Once children reach 3rd or 4th grade, they are also much better able to sit down and take a full test with mixed questions appropriate for their age. We have created test documents at the year group level to help you determine how your child is doing compared to children their age.

Sample questions from our third grade math and arithmetic exam

One of the first questions in our 4th grade think tank: It's getting harder!

**How to Tell if Your 10 or 11 Year Old Is Struggling in Math (5th or 6th Grade)**

As students in these grades approach the end of elementary school, they prepare for the SATs, or transition to high school, and the challenges that 7th grade math will bring.

Children in grade 5 or grade 6 are expected to know or be able to:

- identify common divisors, common multiples, and primes;
- divide real fractions by integers;
- Solve problems with similar shapes where the scaling factor is known or can be found;
- generate and describe linear sequences of numbers;
- recognize when it is possible to use area and volume formulas for shapes;
- Represent and name parts of circles, including radius, diameter and circumference, knowing that diameter is twice the radius;
- Draw and move simple shapes on the coordinate plane and mirror them about the axes.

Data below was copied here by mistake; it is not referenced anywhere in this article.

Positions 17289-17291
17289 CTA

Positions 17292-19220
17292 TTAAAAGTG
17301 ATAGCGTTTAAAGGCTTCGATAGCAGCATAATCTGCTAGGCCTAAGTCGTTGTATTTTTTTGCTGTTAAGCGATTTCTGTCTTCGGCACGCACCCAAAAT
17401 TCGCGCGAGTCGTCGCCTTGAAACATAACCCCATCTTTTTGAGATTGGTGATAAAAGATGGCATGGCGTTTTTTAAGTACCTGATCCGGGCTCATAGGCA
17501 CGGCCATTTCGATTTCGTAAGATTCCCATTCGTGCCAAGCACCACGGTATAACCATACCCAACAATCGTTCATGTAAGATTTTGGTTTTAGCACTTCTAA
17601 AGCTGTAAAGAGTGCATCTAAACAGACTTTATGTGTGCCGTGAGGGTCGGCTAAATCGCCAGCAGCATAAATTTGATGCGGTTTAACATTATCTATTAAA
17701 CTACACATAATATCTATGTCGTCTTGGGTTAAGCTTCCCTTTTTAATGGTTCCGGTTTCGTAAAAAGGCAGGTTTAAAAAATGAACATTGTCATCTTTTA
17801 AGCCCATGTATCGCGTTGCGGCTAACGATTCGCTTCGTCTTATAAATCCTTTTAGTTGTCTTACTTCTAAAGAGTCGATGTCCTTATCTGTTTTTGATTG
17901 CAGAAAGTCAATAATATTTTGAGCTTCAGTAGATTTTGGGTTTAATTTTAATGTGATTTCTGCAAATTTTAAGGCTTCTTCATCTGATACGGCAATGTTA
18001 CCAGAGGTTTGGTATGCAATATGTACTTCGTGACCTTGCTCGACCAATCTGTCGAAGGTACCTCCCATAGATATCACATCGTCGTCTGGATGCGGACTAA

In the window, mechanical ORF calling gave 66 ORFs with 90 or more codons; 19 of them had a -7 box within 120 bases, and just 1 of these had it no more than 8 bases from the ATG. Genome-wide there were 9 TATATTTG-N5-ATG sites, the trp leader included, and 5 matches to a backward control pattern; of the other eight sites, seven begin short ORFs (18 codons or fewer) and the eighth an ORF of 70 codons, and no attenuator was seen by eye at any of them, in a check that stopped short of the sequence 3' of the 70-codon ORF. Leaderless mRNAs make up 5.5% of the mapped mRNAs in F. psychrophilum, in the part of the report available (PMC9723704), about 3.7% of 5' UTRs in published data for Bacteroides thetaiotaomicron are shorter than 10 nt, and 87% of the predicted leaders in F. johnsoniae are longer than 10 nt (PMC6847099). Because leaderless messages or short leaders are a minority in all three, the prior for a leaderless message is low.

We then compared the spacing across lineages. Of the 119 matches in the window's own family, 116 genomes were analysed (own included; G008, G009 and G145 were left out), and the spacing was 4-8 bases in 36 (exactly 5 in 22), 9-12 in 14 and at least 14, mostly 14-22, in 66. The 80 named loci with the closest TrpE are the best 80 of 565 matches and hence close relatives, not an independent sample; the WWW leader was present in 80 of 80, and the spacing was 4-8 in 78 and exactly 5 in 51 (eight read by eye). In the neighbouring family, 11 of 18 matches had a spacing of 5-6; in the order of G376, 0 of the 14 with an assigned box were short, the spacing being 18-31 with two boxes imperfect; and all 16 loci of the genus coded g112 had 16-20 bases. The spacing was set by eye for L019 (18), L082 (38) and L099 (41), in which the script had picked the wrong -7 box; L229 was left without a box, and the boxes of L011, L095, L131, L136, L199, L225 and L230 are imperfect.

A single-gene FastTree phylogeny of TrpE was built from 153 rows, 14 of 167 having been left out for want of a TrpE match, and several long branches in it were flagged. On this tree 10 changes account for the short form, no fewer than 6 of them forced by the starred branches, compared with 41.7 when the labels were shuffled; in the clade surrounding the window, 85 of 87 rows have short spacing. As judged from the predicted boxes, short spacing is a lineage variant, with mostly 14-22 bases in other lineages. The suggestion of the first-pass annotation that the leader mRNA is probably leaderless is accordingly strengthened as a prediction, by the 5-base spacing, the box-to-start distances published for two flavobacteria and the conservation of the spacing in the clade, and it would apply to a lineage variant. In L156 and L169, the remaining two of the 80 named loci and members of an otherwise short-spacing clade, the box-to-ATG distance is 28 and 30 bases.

Here are three sample questions from Third Space Learning's Elementary Math Intervention Program for 6th grade to help you find out if your child is struggling with math.

**1. Recognize when you can use formulas for area and volume of shapes**

**2. Identify common divisors, common multiples, and primes**

**3. Generate and describe sequences of linear numbers**

5th and 6th grades are important years: it's not like our school days when only elementary or private schools forced children to take exams to get into 7th grade... Many academies require that children take exams at the end of the year. 5 or early in 6th grade as part of the preparation for your future 7th grade admissions.

Again, the amount of knowledge and skills required to keep up with math in 5th or 6th grade is enormous. Moving from Year 4 to Upper Key Stage 2 is a giant leap!

Whether your child is in 5th or 6th grade, it's important to have an idea of what exactly your child is struggling with in math...

Does your child have trouble with math facts, causing difficulties in learning math?

It's worth asking your school for adyscalculia court hearing.

**What you can do to help your child when they are struggling with math**

**Stay positive - sounds easy, but many forget this**

First things first, don't emphasize the problem, and definitely don't say "I'm not a mathematician" or encourage your child to copy "I'm not a mathematician."

Various studiesshowed that a young person's future performance in mathematics, more than any other factor, can be negatively influenced by parents, leading them to believe that "I'm not a math person" is an inherited disorder,hereditary family trait.

**It is not.**